Document Type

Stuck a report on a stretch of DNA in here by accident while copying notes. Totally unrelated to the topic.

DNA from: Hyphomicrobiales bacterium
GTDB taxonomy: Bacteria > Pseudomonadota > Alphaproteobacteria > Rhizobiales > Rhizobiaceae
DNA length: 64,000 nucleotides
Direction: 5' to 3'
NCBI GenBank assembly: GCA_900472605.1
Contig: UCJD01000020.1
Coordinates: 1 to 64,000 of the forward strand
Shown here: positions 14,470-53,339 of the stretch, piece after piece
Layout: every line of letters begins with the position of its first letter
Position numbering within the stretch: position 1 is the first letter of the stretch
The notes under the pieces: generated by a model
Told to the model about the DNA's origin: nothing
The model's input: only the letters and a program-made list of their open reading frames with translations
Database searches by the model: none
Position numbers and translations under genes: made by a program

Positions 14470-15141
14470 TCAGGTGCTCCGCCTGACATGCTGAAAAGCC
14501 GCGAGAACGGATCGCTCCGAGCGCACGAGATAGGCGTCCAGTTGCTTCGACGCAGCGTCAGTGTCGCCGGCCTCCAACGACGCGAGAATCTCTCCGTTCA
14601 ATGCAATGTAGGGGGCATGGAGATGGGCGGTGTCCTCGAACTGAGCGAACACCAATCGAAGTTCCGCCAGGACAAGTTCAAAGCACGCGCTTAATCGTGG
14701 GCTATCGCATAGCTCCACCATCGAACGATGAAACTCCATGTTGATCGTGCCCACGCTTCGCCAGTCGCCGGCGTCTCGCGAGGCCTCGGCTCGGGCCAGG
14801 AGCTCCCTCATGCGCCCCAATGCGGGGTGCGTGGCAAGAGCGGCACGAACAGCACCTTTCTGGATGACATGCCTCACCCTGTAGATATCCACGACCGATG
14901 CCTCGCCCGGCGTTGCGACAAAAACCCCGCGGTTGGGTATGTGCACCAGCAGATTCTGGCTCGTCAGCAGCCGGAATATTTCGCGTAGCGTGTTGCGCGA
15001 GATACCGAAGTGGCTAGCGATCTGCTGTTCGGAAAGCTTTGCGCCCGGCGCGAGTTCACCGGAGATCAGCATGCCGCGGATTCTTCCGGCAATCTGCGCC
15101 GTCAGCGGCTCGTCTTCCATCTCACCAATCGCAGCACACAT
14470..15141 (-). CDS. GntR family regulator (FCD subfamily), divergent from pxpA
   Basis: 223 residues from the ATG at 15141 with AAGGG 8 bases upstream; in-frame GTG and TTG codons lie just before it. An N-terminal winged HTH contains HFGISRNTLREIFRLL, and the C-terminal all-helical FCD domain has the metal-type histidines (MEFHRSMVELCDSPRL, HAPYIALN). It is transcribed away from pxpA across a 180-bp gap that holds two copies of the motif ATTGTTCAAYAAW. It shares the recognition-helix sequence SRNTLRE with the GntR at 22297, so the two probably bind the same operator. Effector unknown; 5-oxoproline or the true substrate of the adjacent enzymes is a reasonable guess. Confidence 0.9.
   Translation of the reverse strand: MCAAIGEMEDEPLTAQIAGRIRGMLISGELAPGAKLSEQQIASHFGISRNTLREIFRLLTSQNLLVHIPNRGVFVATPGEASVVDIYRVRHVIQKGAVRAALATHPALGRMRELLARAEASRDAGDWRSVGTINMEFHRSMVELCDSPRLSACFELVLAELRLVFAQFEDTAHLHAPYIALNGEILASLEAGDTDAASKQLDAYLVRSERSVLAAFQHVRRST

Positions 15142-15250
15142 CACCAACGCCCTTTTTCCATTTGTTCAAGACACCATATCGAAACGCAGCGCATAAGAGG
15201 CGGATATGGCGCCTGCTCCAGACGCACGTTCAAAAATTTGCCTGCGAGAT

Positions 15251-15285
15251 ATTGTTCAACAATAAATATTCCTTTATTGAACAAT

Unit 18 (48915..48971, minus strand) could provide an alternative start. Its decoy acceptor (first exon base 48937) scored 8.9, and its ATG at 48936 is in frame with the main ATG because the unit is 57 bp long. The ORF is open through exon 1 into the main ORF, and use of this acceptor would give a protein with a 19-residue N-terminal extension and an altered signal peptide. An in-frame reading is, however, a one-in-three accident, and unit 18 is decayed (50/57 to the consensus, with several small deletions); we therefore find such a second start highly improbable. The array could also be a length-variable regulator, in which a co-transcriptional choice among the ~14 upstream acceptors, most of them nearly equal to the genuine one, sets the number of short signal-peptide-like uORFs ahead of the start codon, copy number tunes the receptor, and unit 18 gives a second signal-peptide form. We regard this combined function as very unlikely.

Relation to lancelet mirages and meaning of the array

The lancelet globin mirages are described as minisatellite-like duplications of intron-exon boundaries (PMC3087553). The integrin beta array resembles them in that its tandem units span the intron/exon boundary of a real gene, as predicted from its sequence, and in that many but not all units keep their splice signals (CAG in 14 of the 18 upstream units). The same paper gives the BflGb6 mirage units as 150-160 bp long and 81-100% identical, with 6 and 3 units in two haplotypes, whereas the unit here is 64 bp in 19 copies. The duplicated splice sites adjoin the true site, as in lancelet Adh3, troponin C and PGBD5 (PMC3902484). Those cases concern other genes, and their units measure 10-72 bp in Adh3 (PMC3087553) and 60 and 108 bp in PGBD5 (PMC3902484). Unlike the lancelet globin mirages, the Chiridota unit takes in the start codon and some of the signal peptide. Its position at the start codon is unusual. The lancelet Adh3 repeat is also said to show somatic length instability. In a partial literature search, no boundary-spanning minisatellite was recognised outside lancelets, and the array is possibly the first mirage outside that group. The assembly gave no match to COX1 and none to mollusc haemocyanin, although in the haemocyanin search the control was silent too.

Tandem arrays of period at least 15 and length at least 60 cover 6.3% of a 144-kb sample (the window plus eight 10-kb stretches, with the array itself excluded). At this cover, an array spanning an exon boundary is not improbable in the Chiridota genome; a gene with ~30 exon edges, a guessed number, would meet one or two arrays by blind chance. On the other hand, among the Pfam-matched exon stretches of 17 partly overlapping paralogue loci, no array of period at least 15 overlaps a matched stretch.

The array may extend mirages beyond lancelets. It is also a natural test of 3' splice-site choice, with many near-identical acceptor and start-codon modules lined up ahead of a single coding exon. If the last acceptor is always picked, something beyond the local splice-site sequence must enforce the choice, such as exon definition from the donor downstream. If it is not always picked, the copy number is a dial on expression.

Five skinfold, 13 circumference and 8 bone diameter measurements were made on college age men and women to determine the best combination of measurements to predict body density as measured by underwater weighing. For the men ( N = 53), mean body density was 1.0646 g/ml ( SD = 0.0138); 15.3% body fat. The triceps and scapula skinfolds and abdomen and fore­arm circumferences resulted in R = .89; Sey = .0066 g/ml. The best com­bination of skinfolds or circumferences resulted in identical multiple cor­relations of R = .86.For the women (N = 69), mean body density was 1.034 (SD = 0.0152); 25.6% body fat. The highest multiple correlation to predict density was obtained by use of iliac and scapula skinfolds, elbow diameter, and thigh girth (R i= .84; Sey = .0086 g/ml). The prediction equation based on cir­cumferences was more accurate for predicting density in women (R = .80; Sey = .0094) than the best combination of skinfolds (R = .77; Sey = .0100). For the men, the equation based on circumferences was as accurate for predicting density as the equation based only on skinfolds (R = .86; Sey .0072). The best combination of circumferences to predict density in the men includes the arm, abdomen and forearm; for the women, the same three measurements are used including the thigh girth. Since the circumference regression equations were as accurate in terms of predicting body density as skinfolds, and almost as good compared to other combina­tions of measurements, the equations based on simple circumferences could be used instead of skinfolds to accurately predict the criterion body density.